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One: because it really is just like the movies, and two: because Americans only watch American films, so they don’t realise just how cliched they are. His name was Vinnie. He was wearing a porkpie hat. He was a Central Park bike mechanic with a cigarette stuck to his pouty bottom lip and a greasy rag hanging out of his back pocket. Just like in the movies. But best of all he called me “hot tomato,” the tomaydo drawling out across the sticky street like sweet burnt butter, his thick Bronx accent wooing my Australian ears. “Hey hot tomato,” he called after me as I wheeled my freshly hired bike towards the Central Park gates. “Come back at sundown and have a drink with me.” Like every foreigner I was looking for the quintessential tourist experience, and it seemed it had just found me.
I turned him down. I already had plans to watch the sun set from the Empire State Building with my travel partner Liz, an old friend from back home. But even more importantly, I’m queer as fuck. “I knock off at six if you change your mind,” he called out, his yankee optimism irritatingly sanguine. I rolled my eyes and threw my leg over my bike, and headed off through the gates. Liz and I rode round the park for a couple of hours, weaving our bikes through little winding pathways and over wooden bridges that would have been more fitting in a ye olde English village than in the brash new town that New York pretends not to be. We posed with frosty pink ice creams that matched our lips, and then posted the photos all over Facebook. At the Boathouse we cheered our solidarity to workers standing on a picket line who were protesting against pitifully low wages. And then we headed back to the bike hire place to return our trusty steeds. I told Liz I’d meet her at the Empire State Building just on dusk, though the problem was that neither of us had yet figured out which one the Empire State was. New York is full of large important-looking buildings, so we’d been hedging our bets and taking photos of them all. But while I wandered around trying to find a famous bookstore I’d been told was a must-see, I had a change of heart. I had just turned 30. I had also just been dumped. I was embracing my Saturn return by embracing everything that tried to embrace me, and Vinnie had just been sent to test my philosophy. He was forward. He was sexy. And I was ovulating.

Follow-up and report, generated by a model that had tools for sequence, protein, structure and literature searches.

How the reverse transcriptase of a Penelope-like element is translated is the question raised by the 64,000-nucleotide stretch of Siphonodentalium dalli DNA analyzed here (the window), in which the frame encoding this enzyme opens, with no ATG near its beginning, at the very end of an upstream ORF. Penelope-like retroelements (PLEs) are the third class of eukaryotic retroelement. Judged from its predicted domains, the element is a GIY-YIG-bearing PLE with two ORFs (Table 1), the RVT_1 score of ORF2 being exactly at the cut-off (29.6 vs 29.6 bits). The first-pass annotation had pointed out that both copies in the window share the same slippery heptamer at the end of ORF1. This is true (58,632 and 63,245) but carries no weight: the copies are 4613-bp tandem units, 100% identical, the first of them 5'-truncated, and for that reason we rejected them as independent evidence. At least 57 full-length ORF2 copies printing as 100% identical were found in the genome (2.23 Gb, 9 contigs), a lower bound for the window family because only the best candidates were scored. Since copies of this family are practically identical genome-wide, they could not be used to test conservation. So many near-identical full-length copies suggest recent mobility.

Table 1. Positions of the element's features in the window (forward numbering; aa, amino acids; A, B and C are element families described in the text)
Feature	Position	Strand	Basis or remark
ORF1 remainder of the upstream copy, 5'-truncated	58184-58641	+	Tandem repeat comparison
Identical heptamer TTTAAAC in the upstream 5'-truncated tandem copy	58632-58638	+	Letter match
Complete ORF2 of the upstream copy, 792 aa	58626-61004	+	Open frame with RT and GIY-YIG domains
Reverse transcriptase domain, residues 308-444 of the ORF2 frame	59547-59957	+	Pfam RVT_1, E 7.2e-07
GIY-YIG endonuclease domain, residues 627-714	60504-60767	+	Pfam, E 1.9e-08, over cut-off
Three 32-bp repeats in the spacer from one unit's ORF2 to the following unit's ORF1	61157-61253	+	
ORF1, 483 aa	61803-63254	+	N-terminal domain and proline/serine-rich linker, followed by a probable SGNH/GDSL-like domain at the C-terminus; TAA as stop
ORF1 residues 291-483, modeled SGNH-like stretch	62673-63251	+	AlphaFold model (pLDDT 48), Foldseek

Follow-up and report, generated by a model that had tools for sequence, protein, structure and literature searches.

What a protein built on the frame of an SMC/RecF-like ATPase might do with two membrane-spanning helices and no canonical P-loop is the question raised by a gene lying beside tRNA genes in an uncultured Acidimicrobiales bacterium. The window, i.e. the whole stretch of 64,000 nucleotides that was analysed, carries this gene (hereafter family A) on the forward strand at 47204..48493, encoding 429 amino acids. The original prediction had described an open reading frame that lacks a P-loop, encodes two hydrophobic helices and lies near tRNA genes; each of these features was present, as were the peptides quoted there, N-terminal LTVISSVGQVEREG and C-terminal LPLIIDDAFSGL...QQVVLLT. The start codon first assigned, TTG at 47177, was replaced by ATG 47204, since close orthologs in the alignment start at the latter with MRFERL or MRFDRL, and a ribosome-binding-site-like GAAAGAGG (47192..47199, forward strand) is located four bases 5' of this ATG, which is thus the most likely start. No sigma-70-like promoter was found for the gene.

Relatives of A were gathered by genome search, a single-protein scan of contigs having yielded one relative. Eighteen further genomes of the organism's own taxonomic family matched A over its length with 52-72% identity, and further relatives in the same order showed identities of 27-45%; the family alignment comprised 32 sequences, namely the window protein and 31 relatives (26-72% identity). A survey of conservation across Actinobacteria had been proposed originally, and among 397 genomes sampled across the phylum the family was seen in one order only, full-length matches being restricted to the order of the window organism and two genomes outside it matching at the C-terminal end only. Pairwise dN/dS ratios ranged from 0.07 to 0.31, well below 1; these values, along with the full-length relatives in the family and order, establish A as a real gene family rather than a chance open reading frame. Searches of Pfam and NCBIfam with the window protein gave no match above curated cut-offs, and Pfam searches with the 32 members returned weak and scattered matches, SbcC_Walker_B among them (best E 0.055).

Along with turning the big three-oh I’d decided to get myself a baby. Being queer I needed to find a donor, but also being queer I knew very few cis-gendered men. This wasn’t at the forefront of my decision to sidle back to the bike shop at six to meet Vinnie for a drink, but it was definitely loitering there in the back of my mind when after a couple of those fabulous free-pour cocktails that American does so well, he suggested we take a walk in the park. Or rather, a waaal-k, which if I’m honest was probably the deciding factor for me. We didn’t get far. We made it to the boulders right near the entrance that make an appearance in so many famous films, and there in the shadows we lowered ourselves down onto the still-warm rock, I pulled my knickers down, and he tried to go down on me. I pulled him back up by the scruff of his neck, a pissed-off look on my face. That was not what I was there for. The poor sweet clueless boy.
Reader, I fucked him. Or rather he fucked me. Missionary, cowgirl, doggy. Holding on to the low branch of an overhanging tree, and then huddled under his jacket when the bright lights of a copper’s torch swung across the rocks, checking that all was calm and bright. And at some point the condom broke and I became the American movie cliche myself. I told him I was on the pill and that I was clean of STDs, and I ordered him not to stop. The STD part at least was true.
When it was all over I made some poor excuse to take a selfie. Just in case, so I’d have something to show the kid, to make up for the lack of a last name. Then he walked me to the subway and saw me safely to my train. The carriage rattled across the bridge to Brooklyn, a small child and its mother smiling at me across the aisle. I sat there deeply ashamed and slightly hopeful, and even more deeply ashamed about that hope.
Two weeks later, while on a hot date with a woman from San Francisco dykes on bikes, my period arrived. I deleted the selfie with Vinnie—there was nothing to remember after all. I still don’t know which one is the Empire State Building. And I’ve decided I don’t really care.